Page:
Communities destroyed in the blink of an eye. What little remains, buried in ash.
Last week the volcanic island Taal transformed into an ominous blanket of grey as smoke and ash smothered the air. Residents and tourists evacuated, followed by hours of threatening lava spewing over the surface of the Taal Volcano, which resides approximately 60 kilometres south of the capital Manila.
Despite the government’s Philippine Institute of Volcanology and Seismology predicting a far more powerful eruption in the coming days, locals journeyed back to the aftermath. Knee-deep volcanic ash, shops and homes destroyed. Communities clinging onto what little life remained.
Residents in Biñan City are determined to transform the disaster into new life by regenerating the volcanic ash into environmentally friendly structures. What most would consider an abundance of waste from the eruption can actually be used as an effective substitute for cement and implemented globally.
Prior to the Taal Volcano eruption, Biñan used plastics in producing bricks to build facilities and classrooms. Now, the city is exploring the on-going potential of pozzolans, specifically adding volcanic ash to cement to produce not only an environmentally friendlier approach, but a stronger end-product.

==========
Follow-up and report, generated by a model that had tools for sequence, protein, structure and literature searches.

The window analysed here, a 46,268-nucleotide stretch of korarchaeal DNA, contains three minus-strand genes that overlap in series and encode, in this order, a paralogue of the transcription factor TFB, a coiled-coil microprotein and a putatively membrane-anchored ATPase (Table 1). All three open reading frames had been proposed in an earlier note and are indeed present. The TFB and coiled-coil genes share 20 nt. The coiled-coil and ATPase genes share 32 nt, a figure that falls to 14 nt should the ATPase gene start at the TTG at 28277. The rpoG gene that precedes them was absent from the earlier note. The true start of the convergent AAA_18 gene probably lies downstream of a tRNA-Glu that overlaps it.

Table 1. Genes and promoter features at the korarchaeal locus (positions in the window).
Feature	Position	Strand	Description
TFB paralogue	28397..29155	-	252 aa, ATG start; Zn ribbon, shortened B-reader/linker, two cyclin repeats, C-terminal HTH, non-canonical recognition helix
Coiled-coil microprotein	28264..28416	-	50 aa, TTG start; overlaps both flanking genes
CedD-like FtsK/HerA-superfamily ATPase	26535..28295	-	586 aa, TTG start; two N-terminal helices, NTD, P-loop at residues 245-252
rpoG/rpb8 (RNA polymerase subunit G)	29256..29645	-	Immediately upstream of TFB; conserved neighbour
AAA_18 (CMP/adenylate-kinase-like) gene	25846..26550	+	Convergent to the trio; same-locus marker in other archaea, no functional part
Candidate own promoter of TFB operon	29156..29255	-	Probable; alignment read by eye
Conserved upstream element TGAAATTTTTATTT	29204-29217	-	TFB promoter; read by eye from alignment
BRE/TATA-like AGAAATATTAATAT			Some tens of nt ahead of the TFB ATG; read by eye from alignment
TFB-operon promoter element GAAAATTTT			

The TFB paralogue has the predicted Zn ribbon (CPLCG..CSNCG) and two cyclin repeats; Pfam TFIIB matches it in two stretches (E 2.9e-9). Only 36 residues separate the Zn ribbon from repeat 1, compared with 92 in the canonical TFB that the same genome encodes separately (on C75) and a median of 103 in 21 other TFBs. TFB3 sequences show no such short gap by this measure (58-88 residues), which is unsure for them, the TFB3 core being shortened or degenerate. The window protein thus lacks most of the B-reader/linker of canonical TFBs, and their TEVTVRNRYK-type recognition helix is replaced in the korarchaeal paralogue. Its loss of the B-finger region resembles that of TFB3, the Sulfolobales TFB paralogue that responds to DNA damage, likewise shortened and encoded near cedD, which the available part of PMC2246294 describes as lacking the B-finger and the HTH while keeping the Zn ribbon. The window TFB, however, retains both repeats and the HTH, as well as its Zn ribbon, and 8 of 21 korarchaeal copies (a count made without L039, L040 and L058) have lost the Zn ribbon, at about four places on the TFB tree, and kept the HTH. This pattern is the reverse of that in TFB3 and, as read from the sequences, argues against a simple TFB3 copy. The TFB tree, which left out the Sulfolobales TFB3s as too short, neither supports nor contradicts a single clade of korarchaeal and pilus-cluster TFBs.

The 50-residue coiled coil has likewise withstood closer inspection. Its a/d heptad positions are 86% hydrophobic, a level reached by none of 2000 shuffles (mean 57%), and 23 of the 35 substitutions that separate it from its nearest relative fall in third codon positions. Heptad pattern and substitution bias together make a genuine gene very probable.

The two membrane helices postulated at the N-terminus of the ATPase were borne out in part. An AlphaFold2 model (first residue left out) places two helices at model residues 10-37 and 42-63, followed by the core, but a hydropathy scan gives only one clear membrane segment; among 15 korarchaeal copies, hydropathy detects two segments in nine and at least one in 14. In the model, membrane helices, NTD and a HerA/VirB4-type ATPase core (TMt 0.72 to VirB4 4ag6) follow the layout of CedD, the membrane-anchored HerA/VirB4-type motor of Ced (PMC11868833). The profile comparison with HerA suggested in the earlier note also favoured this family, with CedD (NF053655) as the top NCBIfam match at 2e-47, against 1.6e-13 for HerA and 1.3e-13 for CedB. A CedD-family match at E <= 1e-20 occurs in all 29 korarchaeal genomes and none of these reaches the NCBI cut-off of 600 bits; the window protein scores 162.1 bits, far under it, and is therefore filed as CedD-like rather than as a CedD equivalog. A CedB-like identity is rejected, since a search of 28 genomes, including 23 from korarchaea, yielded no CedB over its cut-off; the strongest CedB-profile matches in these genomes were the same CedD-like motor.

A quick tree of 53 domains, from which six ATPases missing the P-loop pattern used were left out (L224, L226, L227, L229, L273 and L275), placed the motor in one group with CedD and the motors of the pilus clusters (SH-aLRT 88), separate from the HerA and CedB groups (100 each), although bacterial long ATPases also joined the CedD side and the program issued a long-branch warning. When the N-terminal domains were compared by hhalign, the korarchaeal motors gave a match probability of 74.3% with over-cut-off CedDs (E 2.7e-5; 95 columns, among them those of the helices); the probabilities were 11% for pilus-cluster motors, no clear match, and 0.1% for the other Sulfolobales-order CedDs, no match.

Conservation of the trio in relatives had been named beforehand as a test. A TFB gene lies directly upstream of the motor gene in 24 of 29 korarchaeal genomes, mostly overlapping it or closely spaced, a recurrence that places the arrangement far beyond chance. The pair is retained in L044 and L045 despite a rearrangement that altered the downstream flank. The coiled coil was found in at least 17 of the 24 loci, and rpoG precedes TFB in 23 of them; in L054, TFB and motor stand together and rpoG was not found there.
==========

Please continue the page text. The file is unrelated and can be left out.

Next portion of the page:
According to MIT's Department of Civil and Environmental Engineering (CEE) Stephanie Chin, cement production takes a lot of energy due to the high temperatures involved and its multistage process, whereas volcanic ash forms under high heat and high pressure but the processing and chemical reactions occur naturally, thus reducing the embodied energy.
This translates into significant energy savings when creating a neighbourhood or city – a process which Biñan is currently benefiting from.
As residents have already witnessed, when the volcanic ash is in contact with water such as from the rain, the fine powder transforms into a thick black sludge resembling a cement-like paste. Due to its natural binding properties, Biñan City Mayor Arman Dimaguila says the city is sweeping the fine volcanic ash into sacks to be salvaged for production and to avoid clogging drainage.
By altering the ratio of volcanic ash, a wide range of end-products can result. Oral Buyukozturk, a professor in MIT's Department of Civil and Environmental Engineering (CEE) says it’s very flexible and can be customised according to the task at hand. For example, a traffic block may not need as much strength as a high-rise building so it could be produced with much less energy by increasing the amount of volcanic ash in place of cement.
At this stage, Biñan plans to use the ash in the production of bricks that will be used in the construction of a children’s facility.
On a global scale, where volcanic ash is not present, Coal Combustion Products (CCPs) are commonplace. The approach of using one industry’s by-product or waste as another industry’s raw material is evident in the use of fly ash, which is produced at pulverised coal power stations. In many countries, cement and concrete products are the largest market segment for fly ash. With its consistent physical and chemical properties, fly ash is a reliable raw material used in many production processes including as an additive in Portland cement. Possessing similar properties to volcanic ash, when substituting cement, fly ash avoids CO₂ emissions and is beneficial in the production of bricks and concrete blocks primarily used in domestic dwellings and office buildings.